How do we manage quarantine sustainably in the long term?

Matthew Harper 12 January 2021
People arriving on repatriation flight.

Repatriation flights are currently paused at Canberra Airport. Photo: Region Media.

Returning much of Australia to a form of how things were pre-March 2020 relies on our ability as a nation to establish a resilient and sustainable international quarantine system, supported by equally resilient and sustainable quarantine isolation facilities.

The fundamentals for international arrivals are clear and well understood. People need to be in quarantine until it can be established they are no longer able to be disease carriers. To do this, they must remain in isolation for sufficient time to either show symptoms, become sick, or remain disease free for longer than the disease incubation period.

Nationally, Australia is operating three distinct models for international arrival quarantine. The states utilise city hotels, the ACT uses apartments, and the Northern Territory uses the Howard Springs facility.

Depending on where you arrive into Australia, you either experience a completely sealed environment with all services provided – due to the lack of facilities – an apartment with a balcony and a degree of self-catering, or a miner’s camp.

All three models rely on an external health and hospital system, security, and a dedicated workforce to avoid spreading disease into the community. All three require participants to maintain their own hygiene, entertain themselves and maintain a level of social awareness to ensure their period in quarantine is as short as it needs to be.

Most importantly, they need to be close to an international class airport with the ability to take a long-haul airliner. These dependencies require facilities to be near a population centre, yet separate enough to ensure the requirements of quarantine can be maintained.

However, none of the systems can be considered as particularly sustainable for the long-term – and the problem is a long-term one.

Australia has been fortunate to have avoided a serious international pandemic for many years. SARS (2003), Ebola (2014-2016 and 2018-now) and MERS (2012-now) have remained predominantly offshore due to international controls and the nature of the diseases.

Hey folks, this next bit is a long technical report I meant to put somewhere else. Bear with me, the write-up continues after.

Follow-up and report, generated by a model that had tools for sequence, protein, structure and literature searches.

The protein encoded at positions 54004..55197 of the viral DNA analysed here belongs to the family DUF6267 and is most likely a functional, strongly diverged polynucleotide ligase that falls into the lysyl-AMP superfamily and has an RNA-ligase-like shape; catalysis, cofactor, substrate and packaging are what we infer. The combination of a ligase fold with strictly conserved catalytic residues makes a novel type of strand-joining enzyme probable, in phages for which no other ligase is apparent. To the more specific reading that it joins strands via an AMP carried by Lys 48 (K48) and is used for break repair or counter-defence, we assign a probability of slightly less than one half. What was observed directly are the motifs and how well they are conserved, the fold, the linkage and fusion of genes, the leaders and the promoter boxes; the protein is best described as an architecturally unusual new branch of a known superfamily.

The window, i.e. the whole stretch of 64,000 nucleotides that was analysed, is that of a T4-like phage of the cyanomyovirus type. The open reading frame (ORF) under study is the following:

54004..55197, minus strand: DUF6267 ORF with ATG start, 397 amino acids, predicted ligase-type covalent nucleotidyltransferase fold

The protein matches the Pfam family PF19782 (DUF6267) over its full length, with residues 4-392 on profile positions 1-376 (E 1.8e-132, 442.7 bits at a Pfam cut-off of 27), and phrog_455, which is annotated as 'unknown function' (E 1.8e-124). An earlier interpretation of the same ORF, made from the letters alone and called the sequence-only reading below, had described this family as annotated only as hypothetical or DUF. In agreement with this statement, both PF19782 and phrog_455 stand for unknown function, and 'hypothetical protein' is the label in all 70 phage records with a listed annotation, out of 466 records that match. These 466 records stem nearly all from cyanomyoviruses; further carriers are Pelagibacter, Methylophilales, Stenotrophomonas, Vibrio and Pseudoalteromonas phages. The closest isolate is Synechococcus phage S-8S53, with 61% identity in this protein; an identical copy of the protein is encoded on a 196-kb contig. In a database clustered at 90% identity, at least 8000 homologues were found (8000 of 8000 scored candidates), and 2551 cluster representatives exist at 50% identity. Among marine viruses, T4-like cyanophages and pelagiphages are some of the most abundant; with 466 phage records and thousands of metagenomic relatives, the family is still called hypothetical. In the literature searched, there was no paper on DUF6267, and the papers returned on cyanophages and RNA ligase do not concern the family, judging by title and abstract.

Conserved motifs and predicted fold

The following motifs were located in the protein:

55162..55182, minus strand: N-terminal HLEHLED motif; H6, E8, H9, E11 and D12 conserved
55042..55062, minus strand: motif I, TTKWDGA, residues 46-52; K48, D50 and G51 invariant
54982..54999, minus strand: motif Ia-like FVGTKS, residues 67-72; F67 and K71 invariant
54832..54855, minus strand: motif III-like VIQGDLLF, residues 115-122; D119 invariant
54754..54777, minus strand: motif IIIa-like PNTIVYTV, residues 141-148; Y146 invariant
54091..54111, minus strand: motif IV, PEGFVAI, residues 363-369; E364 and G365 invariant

COVID-19 has shown us that a disease with a longer incubation period and the ability to stay viable in an asymptomatic host may require a new approach and potentially a permanent capability to provide quarantine for unlucky travellers.

So what does an ideal facility look like? It has living facilities where a traveller can self-cater, do laundry, and step outside for exercise and air without breaking quarantine. It needs staff to provide goods and services, maintain the facility and clean between guests. It needs to cope with the needs of a lone business traveller, a family, or a sports team.

It needs to be secure, but not take the immediate appearance of a prison. It also needs the ability to surge, yet the ability to be put into hiatus as needs fluctuate.

In some ways, the ideal facility is a bit like going to a desert or island resort. The current Howard Springs facility is a version of a caravan park with lots of cabins and a few more fences.

To staff out facilities of the future, we will need to progress past drawing heavily on health systems and emergency services to deliver a range of services besides existing hospitality workers.

A new model will require a new era of hospitality worker. The new worker will be fully conversant in personal protective equipment (PPE) and infection control, and be able to provide hospitality and management services and run a hospitality facility that is dealing with predominantly healthy clientele who is pausing in a facility before continuing with their business or holiday.

Health departments will provide the medical oversight, and police will ensure compliance with the law.

The challenge to establishing this new era of quarantine will be ensuring the model can be as cost effective as possible, while being as pleasant as possible for guests.

In time, travellers may have to accept that a trip to or from Australia may require a three-to-four day transit through a purpose-built facility where the cost is borne by the traveller. The costs per guest/family has already been established through the existing programs so we have a target for creating a sustainable proposition.

Who will lead the thinking and establishment of the quarantine facilities into the future? The current situation demonstrates that while government can set the performance requirements, it is probably up to the private sector to identify a working solution and then work with government to fund, support and underwrite the initial operation for the good of the nation.

Matthew Harper is the managing director of Resilient Results. He has worked for more than 30 years in emergency and crisis management in governments and the private sector.


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